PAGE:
In early 2003, the Society began negotiations with the Nordic Museum in Stockholm, Sweden to arrange for the loan of two early portraits by noted Swedish-American artist, Gustavus Hesselius (1682-1755): the Reverend Eric Björk (1668-1740), first pastor of Holy Trinity (Old Swedes) Church in Wilmington, and his wife Christina Stalcop Björk (1685-1720). The portraits, both dating to circa 1712-14 and the first portraits painted by Hesselius in the United States, had been in the possession of the Nordic Museum since 1887. Both portraits had recently undergone extensive conservation as part of a project financed by the Swedish Colonial Society, America’s oldest organization dedicated to Swedish-American history.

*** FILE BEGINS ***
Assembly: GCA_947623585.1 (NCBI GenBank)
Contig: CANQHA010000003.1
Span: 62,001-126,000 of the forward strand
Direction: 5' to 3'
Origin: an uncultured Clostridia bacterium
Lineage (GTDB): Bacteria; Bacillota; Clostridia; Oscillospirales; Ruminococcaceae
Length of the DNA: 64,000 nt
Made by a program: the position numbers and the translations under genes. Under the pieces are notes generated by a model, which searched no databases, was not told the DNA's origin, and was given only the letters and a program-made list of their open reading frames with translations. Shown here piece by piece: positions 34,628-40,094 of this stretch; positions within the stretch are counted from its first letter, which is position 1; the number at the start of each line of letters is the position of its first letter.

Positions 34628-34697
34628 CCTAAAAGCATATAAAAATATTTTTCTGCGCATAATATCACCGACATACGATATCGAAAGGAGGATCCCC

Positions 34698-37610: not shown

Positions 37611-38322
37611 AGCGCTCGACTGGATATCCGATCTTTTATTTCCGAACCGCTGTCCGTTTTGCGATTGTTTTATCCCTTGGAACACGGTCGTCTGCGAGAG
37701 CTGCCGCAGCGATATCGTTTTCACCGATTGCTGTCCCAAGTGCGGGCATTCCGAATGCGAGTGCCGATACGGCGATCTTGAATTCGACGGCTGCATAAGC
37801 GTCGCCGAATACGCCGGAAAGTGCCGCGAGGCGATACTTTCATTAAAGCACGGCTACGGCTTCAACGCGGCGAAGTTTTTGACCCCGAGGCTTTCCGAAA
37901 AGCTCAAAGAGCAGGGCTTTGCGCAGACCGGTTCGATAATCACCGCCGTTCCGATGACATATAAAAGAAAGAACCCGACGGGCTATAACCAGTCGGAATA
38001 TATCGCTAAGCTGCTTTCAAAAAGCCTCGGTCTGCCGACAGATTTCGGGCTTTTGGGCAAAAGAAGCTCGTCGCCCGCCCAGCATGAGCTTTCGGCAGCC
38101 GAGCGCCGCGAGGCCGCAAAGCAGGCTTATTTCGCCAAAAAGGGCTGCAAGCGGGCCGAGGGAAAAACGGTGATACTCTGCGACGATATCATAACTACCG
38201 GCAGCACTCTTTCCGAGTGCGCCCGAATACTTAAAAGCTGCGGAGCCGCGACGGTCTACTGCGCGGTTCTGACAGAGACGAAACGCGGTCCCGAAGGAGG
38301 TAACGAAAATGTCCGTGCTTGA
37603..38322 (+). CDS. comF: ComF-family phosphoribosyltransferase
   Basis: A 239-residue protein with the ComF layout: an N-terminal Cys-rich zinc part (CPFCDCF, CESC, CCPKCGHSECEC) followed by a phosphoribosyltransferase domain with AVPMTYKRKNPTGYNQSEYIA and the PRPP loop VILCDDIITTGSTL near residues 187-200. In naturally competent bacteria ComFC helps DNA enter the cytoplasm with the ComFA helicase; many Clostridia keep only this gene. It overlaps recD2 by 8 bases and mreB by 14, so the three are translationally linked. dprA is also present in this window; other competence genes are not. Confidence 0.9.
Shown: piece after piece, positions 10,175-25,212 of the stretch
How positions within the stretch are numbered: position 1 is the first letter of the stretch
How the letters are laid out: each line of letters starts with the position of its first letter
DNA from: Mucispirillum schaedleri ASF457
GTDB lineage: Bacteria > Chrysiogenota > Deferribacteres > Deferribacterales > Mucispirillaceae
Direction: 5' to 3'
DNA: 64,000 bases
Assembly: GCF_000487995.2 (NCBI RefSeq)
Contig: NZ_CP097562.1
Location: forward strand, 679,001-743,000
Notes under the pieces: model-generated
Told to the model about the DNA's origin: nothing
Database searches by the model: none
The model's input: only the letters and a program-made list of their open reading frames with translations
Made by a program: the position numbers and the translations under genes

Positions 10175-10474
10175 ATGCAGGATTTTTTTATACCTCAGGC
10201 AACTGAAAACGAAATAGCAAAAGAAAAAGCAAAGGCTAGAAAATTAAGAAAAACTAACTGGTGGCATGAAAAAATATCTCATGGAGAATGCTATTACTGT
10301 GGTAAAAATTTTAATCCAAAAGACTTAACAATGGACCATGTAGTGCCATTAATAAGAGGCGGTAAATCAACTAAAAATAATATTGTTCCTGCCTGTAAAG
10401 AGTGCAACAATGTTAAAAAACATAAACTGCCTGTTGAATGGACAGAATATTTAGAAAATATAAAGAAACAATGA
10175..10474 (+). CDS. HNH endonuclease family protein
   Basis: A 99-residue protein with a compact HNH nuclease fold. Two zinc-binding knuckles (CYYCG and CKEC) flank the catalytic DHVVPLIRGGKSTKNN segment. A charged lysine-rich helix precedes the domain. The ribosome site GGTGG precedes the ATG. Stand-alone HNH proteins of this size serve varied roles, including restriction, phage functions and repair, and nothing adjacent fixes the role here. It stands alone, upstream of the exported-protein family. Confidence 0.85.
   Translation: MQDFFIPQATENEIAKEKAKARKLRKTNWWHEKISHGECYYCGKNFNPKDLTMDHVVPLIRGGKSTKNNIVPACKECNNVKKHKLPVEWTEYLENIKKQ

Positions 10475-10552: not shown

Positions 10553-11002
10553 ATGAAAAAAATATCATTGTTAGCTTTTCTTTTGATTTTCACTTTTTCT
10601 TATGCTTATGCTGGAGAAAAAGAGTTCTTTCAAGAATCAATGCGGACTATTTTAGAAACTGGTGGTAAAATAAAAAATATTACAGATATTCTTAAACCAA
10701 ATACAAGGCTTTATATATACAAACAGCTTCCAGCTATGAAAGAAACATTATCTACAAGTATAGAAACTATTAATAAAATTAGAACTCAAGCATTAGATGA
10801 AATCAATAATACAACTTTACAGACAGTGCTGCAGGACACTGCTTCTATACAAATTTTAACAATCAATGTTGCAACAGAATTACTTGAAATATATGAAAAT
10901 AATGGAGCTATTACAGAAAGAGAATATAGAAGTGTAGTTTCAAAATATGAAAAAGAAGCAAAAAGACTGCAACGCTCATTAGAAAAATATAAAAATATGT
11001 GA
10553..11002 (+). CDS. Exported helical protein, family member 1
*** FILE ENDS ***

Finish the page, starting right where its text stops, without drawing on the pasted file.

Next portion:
The portraits traveled to Wilmington to be exhibited as part of the 365th Jubilee to celebrate the founding of the New Sweden colony in 1638. The newly-restored paintings were the main attraction at a November 8th reception at the Delaware History Museum that hosted Crown Princess Victoria of Sweden. The portraits represent an important early link to Delaware’s Swedish past. The Reverend Eric Björk emigrated from Sweden in 1697 to establish a pastorate at Fort Christina and oversaw the building of Holy Trinity (Old Swedes) Church at the site. He served as the first Pastor until he was recalled to Sweden in 1714. Old Swedes is the oldest Swedish Church in the United States and has been on the National Register of Historic Places since 1966. The portraits of Eric and Christina Björk remain on loan to the Society and those interested in exploring Delaware’s early Swedish past can see them on display in our Research Library.